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Links of interest for October 3rd 2008 through October 8th 2008:
- Generational Myth: Not all young people are tech-savvy [ChronicleReview.com] – Siva Vaidhyanathan convincingly argues we need to move away from the simplistic rhetoric of the ‘digital natives’ before this generational pigeon-holing causes even more harm: “We should drop our simplistic attachments to generations so we can generate an accurate and subtle account of the needs of young people — and all people, for that matter. A more responsible assessment would divorce itself from a pro- or anti-technology agenda and look at multiple causes for problems we note: state malfeasance or benign neglect of education, rampant consumerism in our culture, moral panics that lead us to scapegoat technology, and, yes, technology itself. Such work would reflect the fact that technologies do not emerge in a vacuum. “
- MySpace a new fraud market [The Age] – “Hugely popular services such as Facebook, MySpace and LinkedIn are being blamed for a boom in sophisticated email scams in which criminals mining the information on social networking sites to create personalised attacks.
These so-called spear phishing emails appear to come from a trusted source and aim to persuade the victim to hand over valuable data such as banking details or passwords to corporate networks.”
- Privacy lags in technology rush [The Age] – “The [Australian] federal minister in charge of privacy, John Faulkner, has warned that personal information posted on social networking websites can linger forever “like an ill-considered tattoo”. But the cabinet secretary said the challenge for legislators was not to protect people from the information they volunteer about themselves but the data collected by others. He called for privacy values to be at the forefront – not an afterthought – when technology was being developed.”
- A Brief History of the Twenty-first Century [Esquire] – “Chuck Klosterman issues his predictions for the coming century.” It’s more speculative satire than future history, but this sort of fictional list is always amusing and until 2040 it extrapolates from contemporary trends fairly well. Then we get time travellers, robots, AIs, war with the animals and overpopulation on the moon.
- China spying on Skype users – VoIP – Connectivity – Technology – theage.com.au – “China is monitoring the chat messages of Skype users and censoring them if they contain sensitive keywords such as Tibet or Communist Party, according to a group of Canadian researchers. The massive surveillance operation of TOM-Skype, a joint venture between Chinese mobile firm TOM Online and Skype, owned by US online auction house eBay, was alleged by Citizen Lab, a University of Toronto research group.” (Another case where ethics are treated as national institutions, not global issues!)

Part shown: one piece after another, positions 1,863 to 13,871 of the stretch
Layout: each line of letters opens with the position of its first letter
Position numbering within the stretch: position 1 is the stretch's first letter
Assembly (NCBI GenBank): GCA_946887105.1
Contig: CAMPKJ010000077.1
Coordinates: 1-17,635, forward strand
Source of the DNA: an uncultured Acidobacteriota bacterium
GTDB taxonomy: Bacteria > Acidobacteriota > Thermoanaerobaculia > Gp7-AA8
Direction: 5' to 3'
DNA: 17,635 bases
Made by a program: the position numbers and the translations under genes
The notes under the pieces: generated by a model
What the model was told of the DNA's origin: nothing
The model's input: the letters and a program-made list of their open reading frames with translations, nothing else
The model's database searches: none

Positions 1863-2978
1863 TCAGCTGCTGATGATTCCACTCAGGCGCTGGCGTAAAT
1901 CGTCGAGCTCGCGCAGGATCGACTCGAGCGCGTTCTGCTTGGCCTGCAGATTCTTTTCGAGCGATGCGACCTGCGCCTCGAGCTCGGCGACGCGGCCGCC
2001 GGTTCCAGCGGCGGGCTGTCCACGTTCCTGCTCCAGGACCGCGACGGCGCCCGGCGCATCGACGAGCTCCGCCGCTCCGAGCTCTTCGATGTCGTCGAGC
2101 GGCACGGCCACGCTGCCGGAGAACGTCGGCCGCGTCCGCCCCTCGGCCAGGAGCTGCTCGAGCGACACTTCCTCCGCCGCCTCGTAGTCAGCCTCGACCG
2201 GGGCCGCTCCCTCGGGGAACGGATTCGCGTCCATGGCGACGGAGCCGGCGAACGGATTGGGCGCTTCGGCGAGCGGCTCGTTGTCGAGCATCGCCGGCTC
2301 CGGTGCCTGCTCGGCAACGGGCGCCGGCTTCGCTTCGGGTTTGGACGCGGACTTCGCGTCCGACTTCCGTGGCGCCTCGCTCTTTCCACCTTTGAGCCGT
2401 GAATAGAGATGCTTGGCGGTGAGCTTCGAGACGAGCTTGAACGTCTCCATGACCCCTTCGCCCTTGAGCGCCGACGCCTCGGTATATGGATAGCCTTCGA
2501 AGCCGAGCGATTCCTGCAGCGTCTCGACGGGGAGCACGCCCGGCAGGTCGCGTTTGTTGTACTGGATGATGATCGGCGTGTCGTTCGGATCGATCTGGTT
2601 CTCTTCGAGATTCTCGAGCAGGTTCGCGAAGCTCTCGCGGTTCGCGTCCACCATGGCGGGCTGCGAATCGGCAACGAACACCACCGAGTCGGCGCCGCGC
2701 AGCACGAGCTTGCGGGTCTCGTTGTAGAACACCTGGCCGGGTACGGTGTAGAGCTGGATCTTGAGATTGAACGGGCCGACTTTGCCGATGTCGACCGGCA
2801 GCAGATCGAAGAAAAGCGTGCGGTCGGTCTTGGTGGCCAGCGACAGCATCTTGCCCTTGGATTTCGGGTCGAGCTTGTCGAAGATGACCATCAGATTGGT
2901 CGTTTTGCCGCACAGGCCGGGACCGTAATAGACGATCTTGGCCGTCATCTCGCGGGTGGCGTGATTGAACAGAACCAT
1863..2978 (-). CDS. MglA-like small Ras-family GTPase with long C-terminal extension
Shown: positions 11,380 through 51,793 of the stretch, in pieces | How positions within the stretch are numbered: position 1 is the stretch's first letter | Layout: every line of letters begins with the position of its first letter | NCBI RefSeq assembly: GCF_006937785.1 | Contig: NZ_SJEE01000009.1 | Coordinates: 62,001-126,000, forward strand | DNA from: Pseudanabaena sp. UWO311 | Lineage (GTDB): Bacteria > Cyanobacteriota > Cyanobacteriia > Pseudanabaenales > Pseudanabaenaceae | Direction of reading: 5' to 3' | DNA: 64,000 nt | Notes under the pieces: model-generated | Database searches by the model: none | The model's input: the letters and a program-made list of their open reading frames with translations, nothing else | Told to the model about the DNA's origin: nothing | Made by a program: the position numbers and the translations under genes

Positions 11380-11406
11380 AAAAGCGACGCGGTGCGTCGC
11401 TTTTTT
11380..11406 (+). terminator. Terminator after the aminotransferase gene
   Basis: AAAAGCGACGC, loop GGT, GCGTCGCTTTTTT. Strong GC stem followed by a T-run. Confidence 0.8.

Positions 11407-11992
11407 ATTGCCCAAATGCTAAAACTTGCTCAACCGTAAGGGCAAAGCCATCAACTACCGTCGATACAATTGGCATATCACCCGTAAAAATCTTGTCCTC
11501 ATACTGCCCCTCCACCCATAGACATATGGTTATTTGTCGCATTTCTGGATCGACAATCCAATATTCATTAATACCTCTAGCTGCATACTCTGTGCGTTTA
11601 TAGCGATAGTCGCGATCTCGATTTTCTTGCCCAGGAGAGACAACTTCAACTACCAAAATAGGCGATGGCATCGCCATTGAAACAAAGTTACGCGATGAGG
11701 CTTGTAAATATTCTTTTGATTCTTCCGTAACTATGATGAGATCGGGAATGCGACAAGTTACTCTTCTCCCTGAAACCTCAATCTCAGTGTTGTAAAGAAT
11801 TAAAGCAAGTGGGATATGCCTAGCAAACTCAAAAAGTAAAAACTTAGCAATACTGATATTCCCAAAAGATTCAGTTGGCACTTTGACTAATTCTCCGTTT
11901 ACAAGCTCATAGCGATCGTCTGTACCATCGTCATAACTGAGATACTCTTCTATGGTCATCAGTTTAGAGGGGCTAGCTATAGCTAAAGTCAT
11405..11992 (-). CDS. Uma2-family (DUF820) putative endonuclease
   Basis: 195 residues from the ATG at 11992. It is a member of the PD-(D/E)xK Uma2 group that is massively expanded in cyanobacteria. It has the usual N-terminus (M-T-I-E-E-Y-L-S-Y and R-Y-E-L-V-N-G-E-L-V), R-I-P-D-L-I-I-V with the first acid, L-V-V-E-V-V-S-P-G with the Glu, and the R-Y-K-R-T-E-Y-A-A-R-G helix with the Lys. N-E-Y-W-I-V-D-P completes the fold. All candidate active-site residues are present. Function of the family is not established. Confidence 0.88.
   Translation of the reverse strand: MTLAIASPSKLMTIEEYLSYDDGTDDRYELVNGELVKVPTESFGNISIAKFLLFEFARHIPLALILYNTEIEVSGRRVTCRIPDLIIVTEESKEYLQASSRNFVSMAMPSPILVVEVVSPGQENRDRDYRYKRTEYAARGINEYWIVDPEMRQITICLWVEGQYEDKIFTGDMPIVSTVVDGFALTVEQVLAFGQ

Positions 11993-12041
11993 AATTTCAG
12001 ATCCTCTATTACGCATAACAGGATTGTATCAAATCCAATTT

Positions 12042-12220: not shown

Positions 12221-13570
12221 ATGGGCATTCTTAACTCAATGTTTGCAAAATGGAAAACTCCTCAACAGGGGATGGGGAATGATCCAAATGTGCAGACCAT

Interesting links for September 4th 2008 through September 5th 2008:
- 19% of U.S. Households Watch Online TV [NewTeeVee] – A new report from The Conference Board shows that 19% of US households watch broadcast TV online: “In its study of 10,000 households, TNS and the Conference Board found that of those who watch TV online, 43 percent tune into the news, the most popular category. Thirty-nine percent watch drama shows, 34 percent sitcom/comedy shows, 23 percent reality shows, 16 percent sports, and 15 percent user-generated content.”
- Wikipedia vandals target West Australian politicians [The Australian] – “According to giant online encyclopedia Wikipedia, West Australian polician Matt Birney has a small penis and premier Alan Carpenter is helped by the outlaw bikie gang Gypsy Jokers. … As the State election draws nearer, volunteer editors at the site, which has more than two-and-a-half million articles, are scanning the entries of WA politicians to ensure inaccurate entries are removed as quickly as possible. … Alan Carpenter’s Wikipedia entry was vandalised three times late last month. It said he was sacked from the ABC, had a drug addiction, “destroyed the teaching profession” and insisted “teachers are overpaid and underworked kretins (sic) of our society”. But two minutes after the final act of vandalism, editor Rror removed the offending material.” (That’s pretty quick editing! Who’d’ve thought so many people were watching WA politicians’ wikipedia pages?) [Via Anna @ iGenmasters]
- Google backs down over browser amid privacy concerns [The Age] – “Google has made an embarrassing backdown after it was revealed the company would have rights to any information entered into websites by people using its new internet browser. A day after the Google Chrome browser was released, a controversial clause in its “End User License Agreement” (EULA) has been removed following concerns it breached people’s privacy and copyright.” (I’m delighted that clause is gone, but credit to them, it disappeared pretty quickly after blogosphere unrest! It’s interesting, too, that in The Age Google backed down … for the BBC it’s a “tweak“.)
Interesting links for August 28th 2008 through August 31st 2008: